Dan DiDio Out, Siskoid In

This week on Great Ceasar's Post, Maxo responded to yet another round of rumors that Dan DiDio would be canned from his position as DC Comics Editor-in-Chief by asking where we'd personally take DC (not that I think he's doing a particularly bad job). Playing editor is just my thing! I did it once before in a post that tried to come up with a Final Crisis strategy. It's almost a year later and you know, those ideas still seem good to me. But let's go further this time:

I would still call for a Final Reboot and ask writers to tie up storylines before the end of FC, still publish Reboot Month, still have characters' rebooted backstories detailed there without requiring any character to be reset at Year 1, and still launch every new series about an established character with a Reboot Special. Details HERE.

In addition...

-Publish a new version of Who's Who that takes the new history into account, with special minis to come for pre-Crisis, post-Crisis, post-Zero Hour, post-Infinite Crisis continuity (like Marvel Universe has done with decades).

-Keep events to families of books à la Sinestro War. Enough with the major crossovers. Make the Final Crisis truly Final for the foreseeable future.

-Better editing, definitely. Continuity between titles is very poor at the moment.

-We all have our own biases as far as artists, writers and characters go, so obviously, there are some people I wouldn't be giving work to - Benes, Meltzer, Starlin, Daniel, etc. - and others I'd try to attract from the competition: Fraction, Brubaker, Romita Jr.

-Flagship titles deserve the very best creators. No crap, and no stunts (i.e. non-comics writers).

-More Omnibus-format books, possibly with soft covers. Higher end than Showcases, lower end than hardcovers. (NOT EVERYTHING REQUIRES COLLECTED HARDCOVER TREATMENT!)

-The split between DC and Vertigo needs to be repaired. Not only do I see no problem with Vertigo stars appearing in DC books, I think it would oil the wheels for crossovers in the other direction. Vertigo needs an injection of new blood in addition to creator-owned projects.

-Get into that digital comics racket all the kids are talking about these days.

-Tie creators more closely to their books. When a creative team puts a definitive stamp on a title, why keep it going after it has left? Take for example the decline in both quality and interest in All-New Atom after Gail Simone left. Is Blue Beetle on its way there as well? The Darwyinless Spirit? Why take the risk? Ending the series (indeed, considering it a "limited" maxi-series) opens the schedule up to new projects and keeps the property open for either a properly planned relaunch or the creative team's return in mini-series or specials to continue the story. So I know people are sad to see Catwoman canceled, but if Pfeiffer was going to leave anyway, I would have to approve. (Obviously, this isn't a scheme for DC's big properties.)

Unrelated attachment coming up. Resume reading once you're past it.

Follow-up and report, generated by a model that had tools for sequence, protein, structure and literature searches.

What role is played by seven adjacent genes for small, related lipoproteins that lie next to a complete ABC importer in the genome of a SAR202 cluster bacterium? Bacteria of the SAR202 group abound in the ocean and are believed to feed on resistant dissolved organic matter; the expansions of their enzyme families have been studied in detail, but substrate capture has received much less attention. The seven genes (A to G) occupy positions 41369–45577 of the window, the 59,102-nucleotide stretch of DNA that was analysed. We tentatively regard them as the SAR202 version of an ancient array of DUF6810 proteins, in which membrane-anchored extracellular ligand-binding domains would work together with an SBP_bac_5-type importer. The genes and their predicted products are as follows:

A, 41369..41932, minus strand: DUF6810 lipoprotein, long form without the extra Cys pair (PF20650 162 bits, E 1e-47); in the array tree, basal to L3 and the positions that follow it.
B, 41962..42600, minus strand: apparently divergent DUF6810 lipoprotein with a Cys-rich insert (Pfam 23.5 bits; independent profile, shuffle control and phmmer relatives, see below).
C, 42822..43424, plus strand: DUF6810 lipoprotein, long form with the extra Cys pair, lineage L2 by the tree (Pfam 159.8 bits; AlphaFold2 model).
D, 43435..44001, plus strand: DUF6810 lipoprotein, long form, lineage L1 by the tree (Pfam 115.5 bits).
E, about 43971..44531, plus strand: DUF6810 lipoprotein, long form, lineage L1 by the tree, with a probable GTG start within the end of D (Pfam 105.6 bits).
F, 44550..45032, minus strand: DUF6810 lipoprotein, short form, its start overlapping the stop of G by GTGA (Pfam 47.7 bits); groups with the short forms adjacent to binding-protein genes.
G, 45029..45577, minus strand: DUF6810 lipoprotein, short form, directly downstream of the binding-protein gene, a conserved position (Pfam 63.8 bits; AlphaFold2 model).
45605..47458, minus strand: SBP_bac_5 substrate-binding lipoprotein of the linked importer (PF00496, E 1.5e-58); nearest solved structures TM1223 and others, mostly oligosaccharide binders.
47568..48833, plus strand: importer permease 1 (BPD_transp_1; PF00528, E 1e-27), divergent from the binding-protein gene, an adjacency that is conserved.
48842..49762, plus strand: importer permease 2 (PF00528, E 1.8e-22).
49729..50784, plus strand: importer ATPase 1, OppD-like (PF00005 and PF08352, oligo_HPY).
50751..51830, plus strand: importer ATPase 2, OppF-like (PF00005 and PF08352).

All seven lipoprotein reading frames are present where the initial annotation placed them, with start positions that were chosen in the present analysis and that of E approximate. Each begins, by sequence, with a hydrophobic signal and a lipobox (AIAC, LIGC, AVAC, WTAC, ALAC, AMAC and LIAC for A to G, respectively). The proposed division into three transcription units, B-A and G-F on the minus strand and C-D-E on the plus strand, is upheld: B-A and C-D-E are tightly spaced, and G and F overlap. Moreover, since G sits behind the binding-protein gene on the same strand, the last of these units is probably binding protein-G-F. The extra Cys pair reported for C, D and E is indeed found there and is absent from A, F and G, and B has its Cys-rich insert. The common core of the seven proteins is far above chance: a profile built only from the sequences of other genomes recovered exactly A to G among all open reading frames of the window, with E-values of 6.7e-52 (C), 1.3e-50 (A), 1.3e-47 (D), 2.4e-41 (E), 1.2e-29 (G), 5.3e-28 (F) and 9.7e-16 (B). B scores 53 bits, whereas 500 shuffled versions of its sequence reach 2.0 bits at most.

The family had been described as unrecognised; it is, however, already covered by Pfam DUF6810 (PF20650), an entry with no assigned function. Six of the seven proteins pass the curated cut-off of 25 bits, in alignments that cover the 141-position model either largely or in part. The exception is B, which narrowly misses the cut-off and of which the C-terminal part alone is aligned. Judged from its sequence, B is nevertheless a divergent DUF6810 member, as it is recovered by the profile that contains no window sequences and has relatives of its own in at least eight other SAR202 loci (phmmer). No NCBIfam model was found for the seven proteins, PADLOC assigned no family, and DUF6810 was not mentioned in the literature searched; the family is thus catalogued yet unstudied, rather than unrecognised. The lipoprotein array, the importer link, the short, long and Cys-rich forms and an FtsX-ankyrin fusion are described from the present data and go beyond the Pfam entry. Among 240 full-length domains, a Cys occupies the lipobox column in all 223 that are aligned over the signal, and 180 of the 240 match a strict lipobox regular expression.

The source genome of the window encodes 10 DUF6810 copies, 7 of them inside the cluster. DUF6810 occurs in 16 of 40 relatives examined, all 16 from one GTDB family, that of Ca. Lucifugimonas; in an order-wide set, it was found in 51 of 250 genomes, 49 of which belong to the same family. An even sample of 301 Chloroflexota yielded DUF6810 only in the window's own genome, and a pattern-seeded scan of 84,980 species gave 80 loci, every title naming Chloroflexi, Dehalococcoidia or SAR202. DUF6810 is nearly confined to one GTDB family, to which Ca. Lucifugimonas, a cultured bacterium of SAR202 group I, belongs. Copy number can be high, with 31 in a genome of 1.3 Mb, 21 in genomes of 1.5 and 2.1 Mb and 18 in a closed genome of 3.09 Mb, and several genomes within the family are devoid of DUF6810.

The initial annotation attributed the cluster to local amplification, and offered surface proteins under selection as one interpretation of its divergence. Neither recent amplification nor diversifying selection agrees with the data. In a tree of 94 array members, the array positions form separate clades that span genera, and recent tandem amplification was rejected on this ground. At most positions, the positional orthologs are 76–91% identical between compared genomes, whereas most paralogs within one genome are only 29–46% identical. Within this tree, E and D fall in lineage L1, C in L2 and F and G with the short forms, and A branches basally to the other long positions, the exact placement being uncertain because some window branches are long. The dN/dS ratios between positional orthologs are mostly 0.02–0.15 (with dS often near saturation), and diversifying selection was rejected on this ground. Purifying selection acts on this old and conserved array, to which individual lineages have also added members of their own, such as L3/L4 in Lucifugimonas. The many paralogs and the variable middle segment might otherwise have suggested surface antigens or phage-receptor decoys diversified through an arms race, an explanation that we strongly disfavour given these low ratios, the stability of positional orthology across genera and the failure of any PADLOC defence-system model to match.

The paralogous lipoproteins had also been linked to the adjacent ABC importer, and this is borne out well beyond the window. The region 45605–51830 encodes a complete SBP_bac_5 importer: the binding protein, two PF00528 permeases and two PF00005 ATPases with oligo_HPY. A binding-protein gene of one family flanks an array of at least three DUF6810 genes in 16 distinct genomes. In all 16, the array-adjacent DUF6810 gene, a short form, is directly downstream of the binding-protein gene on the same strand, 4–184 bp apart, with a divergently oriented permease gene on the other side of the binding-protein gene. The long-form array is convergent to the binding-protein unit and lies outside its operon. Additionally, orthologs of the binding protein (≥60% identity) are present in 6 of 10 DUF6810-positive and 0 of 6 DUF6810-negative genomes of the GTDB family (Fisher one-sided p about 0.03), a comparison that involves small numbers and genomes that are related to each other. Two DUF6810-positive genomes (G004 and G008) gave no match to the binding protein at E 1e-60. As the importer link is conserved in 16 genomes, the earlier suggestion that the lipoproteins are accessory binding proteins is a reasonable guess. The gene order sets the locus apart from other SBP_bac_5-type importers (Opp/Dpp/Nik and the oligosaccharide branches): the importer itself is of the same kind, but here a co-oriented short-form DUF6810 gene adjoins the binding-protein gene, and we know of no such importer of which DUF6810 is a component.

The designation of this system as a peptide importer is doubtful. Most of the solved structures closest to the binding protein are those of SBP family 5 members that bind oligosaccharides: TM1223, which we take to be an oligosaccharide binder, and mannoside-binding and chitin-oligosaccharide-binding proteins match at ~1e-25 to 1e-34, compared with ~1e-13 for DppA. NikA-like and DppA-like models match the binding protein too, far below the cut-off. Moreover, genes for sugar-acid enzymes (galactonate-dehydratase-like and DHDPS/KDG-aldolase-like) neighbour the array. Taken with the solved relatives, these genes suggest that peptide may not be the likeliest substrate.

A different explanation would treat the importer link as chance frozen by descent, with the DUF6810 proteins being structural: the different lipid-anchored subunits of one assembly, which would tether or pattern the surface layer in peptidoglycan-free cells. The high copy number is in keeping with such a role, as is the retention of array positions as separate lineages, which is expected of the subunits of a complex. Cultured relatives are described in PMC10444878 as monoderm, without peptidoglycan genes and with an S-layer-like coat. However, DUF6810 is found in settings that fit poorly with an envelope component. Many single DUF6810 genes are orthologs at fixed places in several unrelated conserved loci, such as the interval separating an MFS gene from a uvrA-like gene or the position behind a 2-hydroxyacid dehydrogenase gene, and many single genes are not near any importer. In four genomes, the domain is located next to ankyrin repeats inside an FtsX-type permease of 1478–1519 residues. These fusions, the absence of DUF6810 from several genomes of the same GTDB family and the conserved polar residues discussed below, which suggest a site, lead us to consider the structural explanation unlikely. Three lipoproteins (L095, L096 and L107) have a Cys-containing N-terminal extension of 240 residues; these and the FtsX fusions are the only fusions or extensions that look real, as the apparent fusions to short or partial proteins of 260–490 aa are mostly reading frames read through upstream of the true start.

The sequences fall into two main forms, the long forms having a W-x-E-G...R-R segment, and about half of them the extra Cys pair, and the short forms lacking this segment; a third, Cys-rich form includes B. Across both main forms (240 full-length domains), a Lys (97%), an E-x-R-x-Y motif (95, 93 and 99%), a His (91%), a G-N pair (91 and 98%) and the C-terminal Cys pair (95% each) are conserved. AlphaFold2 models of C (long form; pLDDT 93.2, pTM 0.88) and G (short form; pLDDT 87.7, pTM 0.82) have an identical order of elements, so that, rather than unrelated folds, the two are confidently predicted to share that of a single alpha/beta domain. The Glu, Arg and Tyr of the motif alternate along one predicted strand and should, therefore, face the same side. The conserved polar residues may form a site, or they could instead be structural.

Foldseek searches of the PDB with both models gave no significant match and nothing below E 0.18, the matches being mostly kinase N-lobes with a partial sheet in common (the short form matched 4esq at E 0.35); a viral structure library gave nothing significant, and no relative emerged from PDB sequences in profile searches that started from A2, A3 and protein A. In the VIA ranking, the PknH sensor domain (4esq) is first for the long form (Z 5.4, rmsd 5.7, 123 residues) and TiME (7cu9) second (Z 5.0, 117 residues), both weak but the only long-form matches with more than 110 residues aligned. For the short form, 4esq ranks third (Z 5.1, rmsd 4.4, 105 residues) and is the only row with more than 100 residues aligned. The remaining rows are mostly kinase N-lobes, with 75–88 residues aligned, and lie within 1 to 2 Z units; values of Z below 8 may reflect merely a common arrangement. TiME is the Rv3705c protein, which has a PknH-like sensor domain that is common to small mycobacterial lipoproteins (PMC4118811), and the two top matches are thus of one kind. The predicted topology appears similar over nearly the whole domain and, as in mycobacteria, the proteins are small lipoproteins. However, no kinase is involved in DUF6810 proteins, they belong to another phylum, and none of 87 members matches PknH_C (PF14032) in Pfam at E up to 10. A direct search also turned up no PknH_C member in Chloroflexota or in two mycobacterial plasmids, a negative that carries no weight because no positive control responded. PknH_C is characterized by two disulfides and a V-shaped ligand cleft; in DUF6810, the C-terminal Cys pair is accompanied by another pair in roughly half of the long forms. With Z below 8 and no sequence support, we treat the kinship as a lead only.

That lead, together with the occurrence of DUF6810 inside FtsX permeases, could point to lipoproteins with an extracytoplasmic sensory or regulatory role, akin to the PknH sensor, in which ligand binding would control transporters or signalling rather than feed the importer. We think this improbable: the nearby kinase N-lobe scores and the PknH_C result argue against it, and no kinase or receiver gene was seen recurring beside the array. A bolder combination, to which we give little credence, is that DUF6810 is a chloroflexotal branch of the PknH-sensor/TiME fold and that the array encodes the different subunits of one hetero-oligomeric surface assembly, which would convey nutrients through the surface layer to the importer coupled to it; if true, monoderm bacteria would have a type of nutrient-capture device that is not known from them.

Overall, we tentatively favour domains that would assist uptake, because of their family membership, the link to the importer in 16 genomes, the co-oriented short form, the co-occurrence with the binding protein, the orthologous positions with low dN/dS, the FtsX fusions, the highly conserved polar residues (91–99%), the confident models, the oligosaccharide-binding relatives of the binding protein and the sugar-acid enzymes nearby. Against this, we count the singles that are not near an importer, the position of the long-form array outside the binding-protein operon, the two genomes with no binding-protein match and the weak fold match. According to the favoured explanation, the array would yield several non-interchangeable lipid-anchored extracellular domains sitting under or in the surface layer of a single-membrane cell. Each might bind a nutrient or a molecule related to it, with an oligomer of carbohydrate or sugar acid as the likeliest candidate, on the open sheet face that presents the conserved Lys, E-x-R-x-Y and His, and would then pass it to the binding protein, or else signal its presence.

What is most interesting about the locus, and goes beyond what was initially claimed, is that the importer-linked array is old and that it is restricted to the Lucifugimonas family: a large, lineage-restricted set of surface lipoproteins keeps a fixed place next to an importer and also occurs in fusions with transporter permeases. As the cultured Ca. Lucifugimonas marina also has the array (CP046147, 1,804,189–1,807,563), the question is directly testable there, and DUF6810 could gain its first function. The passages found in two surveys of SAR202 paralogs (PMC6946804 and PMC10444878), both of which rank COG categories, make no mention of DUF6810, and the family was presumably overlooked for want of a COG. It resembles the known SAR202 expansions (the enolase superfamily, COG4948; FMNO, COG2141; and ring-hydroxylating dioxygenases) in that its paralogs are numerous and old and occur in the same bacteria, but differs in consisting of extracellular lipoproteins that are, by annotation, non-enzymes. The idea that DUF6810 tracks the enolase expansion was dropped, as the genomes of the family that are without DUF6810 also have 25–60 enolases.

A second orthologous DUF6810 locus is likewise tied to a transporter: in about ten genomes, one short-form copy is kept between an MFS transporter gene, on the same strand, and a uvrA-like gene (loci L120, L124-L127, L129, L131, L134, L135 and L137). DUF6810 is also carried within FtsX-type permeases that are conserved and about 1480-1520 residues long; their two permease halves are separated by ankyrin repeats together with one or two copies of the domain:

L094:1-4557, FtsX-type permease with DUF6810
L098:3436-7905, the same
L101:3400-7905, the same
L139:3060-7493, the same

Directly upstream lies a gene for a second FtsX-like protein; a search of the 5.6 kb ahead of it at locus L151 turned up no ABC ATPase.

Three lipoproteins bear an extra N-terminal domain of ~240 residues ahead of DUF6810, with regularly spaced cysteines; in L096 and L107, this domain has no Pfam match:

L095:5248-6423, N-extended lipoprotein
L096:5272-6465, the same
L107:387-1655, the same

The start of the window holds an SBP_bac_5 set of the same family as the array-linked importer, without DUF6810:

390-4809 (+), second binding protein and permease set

-DC's recognizable properties (i.e. that have been successful in other media or are part of the cultural zeitgeist) should be kept in print as much as possible and given strong attention: And yes, that means Supergirl too.

Now for some notes on individual titles...

-Cancel and never again resurrect: Batman and the Outsiders, Titans (only needs one monthly), Infinity Inc., all those Confidential books, Superman/Batman.

-JLA: Off-track. Needs to be bigger and bolder, closer to both Morrison's run and the Justice League Unlimited cartoon. Leave the soap opera in X-Men where it belongs and make this an event book. Maybe then there won't be a need for extreme tonnage in event mini-series all year round.

-Teen Titans: This family of titles has gotten so far off track that we're better off reseting it entirely post-FC. If it could have a Year One vibe, that would be great.

-Flash: Hard to say before FC wraps up, but I wouldn't mind bringing Barry Allen back and retiring Wally, or rebooting him to Kid-Flash status for my rebooted Titans book. CSI with superheroics. Let's do it already.

-Legion of Super-Heroes: We'll see how the Legion Crisis shakes up the book, but I wouldn't mind the 80s Legion back in full force as per Geoff Johns' vision.

-Checkmate: Replaced by Suicide Squad. Now.

-Batgirl: Sorry, we don't need Cassandra. A book staring Barbara Gordon before The Killing Joke would be great, however. As the current Batman Confidential story arc shows.

-Shazam!: Jeff Smith needs to come back for more. (Though I'll gladly give Mike Kunkel's new series a chance. Captain Marvel really needs to show some face on the racks.)

-Aquaman: The real one, as policeman of the seas, please. Enough with the blond Namor trope.

-Hawkman: With continuity as confused as the Legion's, the Hawks need to be rebooted as the sexy married couple Kubert used to draw in the Silver Age.